Atlanta Public Schools’ students, who have taken online classes since August due to the COVID-19 pandemic, will return to in-person instruction in phases starting Jan. 25, the district’s superintendent said.
The move comes after the district was criticized by some parents and praised by others, plus teachers, for sticking with online classes this fall, when many other local school districts returned to face-to-face instruction.
“These are not easy decisions but are necessary ones. I emphasize that you look at your families’ (situations) and what works best for you and your children,” Superintendent Lisa Herring told parents as they decide whether to keep their kids in online classes or opt to return to in-person ones.
Herring spoke at the district’s Dec. 3 virtual town hall meeting, which was held on Facebook Live due to the outbreak.
In July Herring announced the district would start school Aug. 24 instead of Aug. 10 and would begin the 2020-21 academic year with nine weeks of online classes as a way to deal with the pandemic. Atlanta, like other districts nationwide, held classes online in mid-March through May because of the outbreak.
According to the district’s reopening strategy posted to its website, the nine weeks of online-only instruction were to end Oct. 26, when Phase 2 was to begin and pre-kindergarten and special-needs students were to go back to school four days a week with one day of virtual learning. Phases 3 through 5 were to start in November through early 2021.
But in October, citing a rise in COVID-19 cases, Herring announced the district would delay returning to in-person classes until January.
At the town hall, she said the district was opening an intent-to-return window on its website Dec. 3 through 21, when parents could fill out a form to decide whether to send their children back to face-to-face instruction or remain with online classes.
Parents who have already completed the form when they were asked to earlier this fall do not have to resubmit their plans, and students whose parents don’t fill out the form by Dec. 21 will default to staying with virtual instruction, Herring said. The district’s charter and partner schools will contact those students’ parents to explain their options, she added.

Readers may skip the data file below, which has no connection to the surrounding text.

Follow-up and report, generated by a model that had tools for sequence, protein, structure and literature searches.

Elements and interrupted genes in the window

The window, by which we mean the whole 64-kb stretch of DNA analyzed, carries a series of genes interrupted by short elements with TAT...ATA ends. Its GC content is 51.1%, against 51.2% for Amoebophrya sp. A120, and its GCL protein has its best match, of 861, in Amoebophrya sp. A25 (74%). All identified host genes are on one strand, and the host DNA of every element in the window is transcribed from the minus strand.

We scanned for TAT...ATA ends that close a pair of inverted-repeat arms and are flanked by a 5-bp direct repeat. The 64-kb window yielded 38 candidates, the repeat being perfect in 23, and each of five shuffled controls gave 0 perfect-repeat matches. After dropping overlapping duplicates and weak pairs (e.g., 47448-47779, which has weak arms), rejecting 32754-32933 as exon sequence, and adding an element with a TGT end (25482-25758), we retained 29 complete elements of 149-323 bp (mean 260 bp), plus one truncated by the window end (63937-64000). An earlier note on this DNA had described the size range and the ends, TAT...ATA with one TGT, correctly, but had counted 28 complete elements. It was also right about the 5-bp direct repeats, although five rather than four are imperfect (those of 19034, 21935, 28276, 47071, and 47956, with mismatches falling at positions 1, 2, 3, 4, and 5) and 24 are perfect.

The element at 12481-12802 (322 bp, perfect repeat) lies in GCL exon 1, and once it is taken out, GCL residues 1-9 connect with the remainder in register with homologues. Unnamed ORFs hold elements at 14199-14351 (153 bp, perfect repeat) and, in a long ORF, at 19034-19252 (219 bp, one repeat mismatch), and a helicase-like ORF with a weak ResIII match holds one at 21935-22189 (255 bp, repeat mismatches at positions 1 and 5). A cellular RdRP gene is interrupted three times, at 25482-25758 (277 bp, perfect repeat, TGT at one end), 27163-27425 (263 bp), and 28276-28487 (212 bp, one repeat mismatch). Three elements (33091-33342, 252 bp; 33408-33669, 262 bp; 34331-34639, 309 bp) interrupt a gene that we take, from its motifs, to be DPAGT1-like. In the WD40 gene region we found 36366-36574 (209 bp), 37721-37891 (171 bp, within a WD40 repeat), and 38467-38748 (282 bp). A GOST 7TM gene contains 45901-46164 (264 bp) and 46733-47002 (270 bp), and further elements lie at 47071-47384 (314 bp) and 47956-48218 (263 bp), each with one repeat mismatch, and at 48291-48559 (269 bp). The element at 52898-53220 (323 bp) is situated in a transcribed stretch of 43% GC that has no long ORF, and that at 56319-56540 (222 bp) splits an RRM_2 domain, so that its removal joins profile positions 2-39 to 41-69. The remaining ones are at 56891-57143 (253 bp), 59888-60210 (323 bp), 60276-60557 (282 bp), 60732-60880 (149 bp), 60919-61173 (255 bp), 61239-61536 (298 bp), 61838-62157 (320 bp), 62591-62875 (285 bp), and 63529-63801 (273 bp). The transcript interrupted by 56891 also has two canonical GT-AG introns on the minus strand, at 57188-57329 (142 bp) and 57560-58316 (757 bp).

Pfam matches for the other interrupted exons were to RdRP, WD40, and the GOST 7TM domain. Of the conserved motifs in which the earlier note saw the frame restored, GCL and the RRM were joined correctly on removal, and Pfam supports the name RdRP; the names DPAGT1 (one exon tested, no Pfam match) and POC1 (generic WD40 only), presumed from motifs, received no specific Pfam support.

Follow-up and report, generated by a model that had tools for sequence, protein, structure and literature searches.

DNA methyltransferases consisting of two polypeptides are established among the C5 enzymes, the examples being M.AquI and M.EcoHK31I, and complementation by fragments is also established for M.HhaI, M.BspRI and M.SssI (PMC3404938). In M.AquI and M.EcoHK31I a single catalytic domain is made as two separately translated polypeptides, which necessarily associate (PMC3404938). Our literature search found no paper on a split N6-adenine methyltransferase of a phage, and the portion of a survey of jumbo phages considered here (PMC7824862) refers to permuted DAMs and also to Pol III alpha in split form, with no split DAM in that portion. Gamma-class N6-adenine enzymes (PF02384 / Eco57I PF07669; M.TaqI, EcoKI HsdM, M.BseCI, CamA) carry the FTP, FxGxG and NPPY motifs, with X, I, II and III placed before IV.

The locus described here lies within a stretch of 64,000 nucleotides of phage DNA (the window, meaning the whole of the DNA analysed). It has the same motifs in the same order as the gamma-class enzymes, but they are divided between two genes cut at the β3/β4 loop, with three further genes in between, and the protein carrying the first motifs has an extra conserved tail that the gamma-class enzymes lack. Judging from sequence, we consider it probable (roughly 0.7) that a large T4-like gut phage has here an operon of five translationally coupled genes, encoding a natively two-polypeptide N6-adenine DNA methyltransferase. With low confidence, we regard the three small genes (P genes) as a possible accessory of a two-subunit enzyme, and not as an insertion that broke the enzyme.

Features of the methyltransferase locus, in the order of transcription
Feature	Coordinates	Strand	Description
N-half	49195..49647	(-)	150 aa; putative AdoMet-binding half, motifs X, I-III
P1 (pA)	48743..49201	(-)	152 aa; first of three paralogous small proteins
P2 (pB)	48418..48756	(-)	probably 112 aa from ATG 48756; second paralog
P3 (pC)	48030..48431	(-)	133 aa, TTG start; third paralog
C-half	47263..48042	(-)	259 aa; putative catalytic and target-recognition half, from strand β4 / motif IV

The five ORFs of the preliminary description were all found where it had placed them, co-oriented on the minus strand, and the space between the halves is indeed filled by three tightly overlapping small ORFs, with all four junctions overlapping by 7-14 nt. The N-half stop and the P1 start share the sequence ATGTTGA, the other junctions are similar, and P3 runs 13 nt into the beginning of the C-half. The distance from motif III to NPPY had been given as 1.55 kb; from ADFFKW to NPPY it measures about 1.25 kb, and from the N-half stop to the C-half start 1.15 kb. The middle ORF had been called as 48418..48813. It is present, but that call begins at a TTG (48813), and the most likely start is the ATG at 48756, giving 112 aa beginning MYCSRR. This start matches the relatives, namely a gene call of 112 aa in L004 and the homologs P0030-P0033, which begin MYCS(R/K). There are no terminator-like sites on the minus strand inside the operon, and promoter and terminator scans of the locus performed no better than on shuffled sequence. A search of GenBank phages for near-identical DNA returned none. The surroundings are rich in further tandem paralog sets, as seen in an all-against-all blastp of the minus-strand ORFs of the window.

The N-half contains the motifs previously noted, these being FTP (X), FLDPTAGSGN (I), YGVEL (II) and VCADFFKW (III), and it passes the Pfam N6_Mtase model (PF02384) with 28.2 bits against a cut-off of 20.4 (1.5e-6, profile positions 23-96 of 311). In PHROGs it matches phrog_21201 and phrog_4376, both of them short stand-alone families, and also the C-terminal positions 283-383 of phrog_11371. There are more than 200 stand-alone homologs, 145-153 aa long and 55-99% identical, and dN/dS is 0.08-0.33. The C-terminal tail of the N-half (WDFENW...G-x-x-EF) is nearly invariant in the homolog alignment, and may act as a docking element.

In all phases, students can take online classes. They have the option to have online instruction either with their own school or through Atlanta Virtual Academy.
Under the district’s plan for Phase 2, students will return to in-person classes on the first day of the second semester. To prepare, teachers will go back to their schools Jan. 19 and spend a week instructing their students from their classrooms. Students and staff must wear masks and will be socially distanced.
Special-needs and pre-kindergarteners through second-graders will return to school Jan. 25, and students in grades 3-5, 6, 9 and 10 will return to campus Feb. 1. Students in grades 7, 8, 11 and 12 will go back to in-person classes Feb. 4.
For each group of students, their in-person class schedule will be for Monday, Tuesday, Thursday and Friday. On Wednesdays, the district will have asynchronous or independent learning, in which instruction will be offered online only, including independent learning and intervention.
Also on those days, staff will conduct professional learning and student intervention, teachers will have planning and prep for simultaneous instruction, the district will deliver meals for students and schools will receive deep cleaning.
Phases 3 through 5 will follow later in 2021.
Herring and her adult daughter caught COVID-19 in November but have since recovered.
“Because of the anticipated surge (in cases), we are all watching the numbers,” she said. “… I’ve been trained to not walk in fear, but I also know we must look at what’s in front of us. … I am one of the few superintendents that has tested positive for COVID, so I make my decisions through that filter.”
During a Q&A session at the end of the meeting, Herring was asked if the first CDC indicator the district uses to determine when to reopen schools would be eliminated since some individuals believe it relies too heavily on one metric to make its decisions.
According to a document posted to the district’s website, there are three CDC indictors for dynamic school decision-making. The number of new cases per 100,000 persons within the last 14 days is the first of three indicator and has five risk levels, with the lowest risk for transmission in schools being less than five and the highest being more than 200.
The second indicator is percentage of RT-PCR tests that are positive during the last 14 days, from less than 3% to more than 10%, and the third indicator is the ability of a school to implement five key mitigation strategies, with the lowest level being implementing all five strategies correctly and consistently and the highest being implementing no strategies.
“No, we’re not doing away with it, Herring said. “(The number of new cases) per 100,000 is still part of our consideration, but the number one factor for us to consider reopening schools at this point is our ability to safety mitigate safety and health risks: wearing masks, constant washing hands, sanitizing and washing buildings, social distancing. We’ve added to that COVID testing and news regarding vaccinations.”